Hedging - what are the alternatives to box?

With box blight and box tree moth both posing problems, Miranda Kimberley looks at alternative planting choices.

Euonymus fortunei ‘Emerald ‘n’ Gold’ - image: Floramedia
Euonymus fortunei ‘Emerald ‘n’ Gold’ - image: Floramedia

This article arose because of a problem in my day job, as head gardener of Lincoln’s Inn in London. Having been watching for years for the dreaded box blight to start affecting our hedges, it was actually another little blighter that arrived instead this year. We suffered a bad outbreak of box tree moth, which defoliated most of our topiary. At first it was a little webbing, then distinctive green caterpillars and mountains of frass. I sprayed with professional chemicals but was unable to spray the small parterre hedge around the herb garden in case of drift.

Other gardening friends in London tell me they have already been dealing with this pest for a few years and it is seriously taking hold now. The moth was first found in traps in the UK in 2008 and what started out as a few sightings in private Home Counties gardens rose to more than 800 sightings in 2015-16. It looks likely to become a serious problem, and one that could be a horrible threat to British gardens known for their topiary.

So what to do? In my garden, as others will have experienced, I have two options — keep spraying at regular intervals (but that is not possible across the whole site, where they are growing next to edibles) or rip out the box and replace it with another low hedge.

If the latter, what is a good alternative to box? There are several on the market but they all have
their strengths and weaknesses too. The three most often suggested are the Japanese holly (Ilex crenata), especially the kanehirae variety; box honeysuckle (Lonicera nitida Maygreen — as its name suggests, a strong mid-green hedge that can be closely clipped); and Euonymus japonicus ‘Jean Hugues’, which has such a strong waxy growth that it can actually be mistaken for fake box.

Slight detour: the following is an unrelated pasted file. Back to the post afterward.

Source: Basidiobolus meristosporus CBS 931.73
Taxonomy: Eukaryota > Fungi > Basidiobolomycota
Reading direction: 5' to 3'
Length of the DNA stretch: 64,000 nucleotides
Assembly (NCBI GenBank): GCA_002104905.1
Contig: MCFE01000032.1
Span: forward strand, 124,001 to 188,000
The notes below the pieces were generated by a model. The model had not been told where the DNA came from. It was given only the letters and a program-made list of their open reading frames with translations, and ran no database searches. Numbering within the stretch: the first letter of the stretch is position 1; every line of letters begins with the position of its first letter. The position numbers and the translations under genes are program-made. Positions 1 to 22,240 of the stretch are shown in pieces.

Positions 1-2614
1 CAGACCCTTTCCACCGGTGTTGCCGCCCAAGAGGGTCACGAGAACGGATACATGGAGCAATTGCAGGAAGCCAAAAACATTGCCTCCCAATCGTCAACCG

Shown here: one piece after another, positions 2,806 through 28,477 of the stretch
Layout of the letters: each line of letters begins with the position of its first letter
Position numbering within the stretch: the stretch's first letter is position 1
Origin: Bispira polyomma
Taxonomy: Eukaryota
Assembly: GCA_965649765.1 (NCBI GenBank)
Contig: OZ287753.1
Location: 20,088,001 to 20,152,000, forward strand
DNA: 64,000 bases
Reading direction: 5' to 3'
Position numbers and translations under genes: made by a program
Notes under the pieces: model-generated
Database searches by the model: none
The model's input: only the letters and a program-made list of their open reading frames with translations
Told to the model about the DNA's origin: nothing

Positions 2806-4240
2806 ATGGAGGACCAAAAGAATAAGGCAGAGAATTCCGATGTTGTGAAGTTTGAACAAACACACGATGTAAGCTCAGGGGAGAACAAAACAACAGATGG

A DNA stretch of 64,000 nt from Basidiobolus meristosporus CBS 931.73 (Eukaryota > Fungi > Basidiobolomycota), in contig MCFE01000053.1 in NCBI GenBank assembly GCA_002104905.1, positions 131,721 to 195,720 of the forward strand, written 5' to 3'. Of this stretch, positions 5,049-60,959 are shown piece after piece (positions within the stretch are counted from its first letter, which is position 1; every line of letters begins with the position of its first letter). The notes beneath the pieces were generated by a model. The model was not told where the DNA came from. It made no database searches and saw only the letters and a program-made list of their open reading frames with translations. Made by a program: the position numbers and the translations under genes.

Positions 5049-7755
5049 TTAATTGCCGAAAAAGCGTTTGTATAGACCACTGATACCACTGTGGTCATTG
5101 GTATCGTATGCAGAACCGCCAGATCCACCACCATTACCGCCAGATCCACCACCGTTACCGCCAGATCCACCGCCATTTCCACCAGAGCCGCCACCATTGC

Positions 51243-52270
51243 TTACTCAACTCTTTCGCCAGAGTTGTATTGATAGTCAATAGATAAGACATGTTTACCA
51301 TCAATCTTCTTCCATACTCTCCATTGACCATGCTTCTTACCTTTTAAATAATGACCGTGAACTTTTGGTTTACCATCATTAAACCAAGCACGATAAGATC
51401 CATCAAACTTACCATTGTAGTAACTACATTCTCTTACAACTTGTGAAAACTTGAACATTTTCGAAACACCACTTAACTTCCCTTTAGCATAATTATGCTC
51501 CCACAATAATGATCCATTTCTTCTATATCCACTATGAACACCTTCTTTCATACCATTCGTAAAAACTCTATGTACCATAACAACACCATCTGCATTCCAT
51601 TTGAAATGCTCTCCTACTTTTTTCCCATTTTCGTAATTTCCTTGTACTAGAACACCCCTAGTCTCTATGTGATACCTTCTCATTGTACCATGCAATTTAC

Ilex crenata - image: Floramedia

While the Ilex and the Euonymus have more aesthetic appeal than Lonicera, they have their issues —
as pointed out by our professional growers. The Ilex can be a little fussy with soil and can get yellowing leaves or have them drop without apparent cause. They are also both more expensive because they cannot be bought bare root.

Other options are more unusual.

I have seen lovely low hedges of purple Berberis growing at Penshurst Place in Kent, edging formal beds. At Middle Temple, head gardener Kate Jenrick tends to a neat hedge of Teucrium fruticans, which has a lovely airy look, with its sparse silvery leaves and lilac-blue flowers. Teucrium × lucidrys, with greener leaves, creates a much lower hedge and was historically used as knot garden edging.

The Berberis and Teucrium are my current favourites but there are plenty of others — the RHS has great online information on hedge selection. The well-known hedges are represented, such as lavenders ‘Hidcote’ Award of Garden Merit (AGM) and ‘Munstead’, but there are also lesser-known choices such as Hebe × franciscana ‘Blue Gem’, Olearia × haastii and Santolina chamaecyparissus ‘Nana’ AGM.

With such a range of genera and varieties available, it is difficult to give general cultivation notes for growing low hedges. Obviously, thinking about the kind of hedge you want first is important — evergreen, deciduous, flowering, formal or informal. Then consider maintenance. Evergreens are ideally clipped twice a year and deciduous once in late summer.

When buying in bulk it is best to get field-grown material, supplied bare root, because it will be far cheaper. Not all varieties suit this and some prefer being pot-grown. Planting small whips, about 60cm tall, means you are more likely to get your hedge established because they have not been cosseted and will grow into the space.

For those growing box and wishing to continue to do so, there are ways to control box tree moth. Careful picking off of caterpillars can be effective if done every two-to-three days. Pheromone traps can be used to catch the males and prevent fertilisation. Larger plants can be hosed down with a strong jet of water. Contact insecticides such as Decis or Toppel are very effective but they need careful handling.

Biopesticides that attack the caterpillars are less harmful to the wider environment.

Teucrium × lucidrys - image: Floramedia

What the specialists say

Will Bodsworth, director, Hedging Plants Direct, Essex

"We are now stocking Euonymus japonicus ‘Jean Hugues’, which is more upright than box and the leaf is very waxy, making it a good strong plant. We also stock Ilex kanehirae. The leaf is less waxy than ‘Jean Hugues’, making it softer in appearance. 

"Another old favourite that has been used in supermarket car parks, mainly due to the low cost, is Lonicera nitida Maygreen. This plant clips very well into small hedges and it also self-roots, which can be helpful. However, it suffers with going woody in time.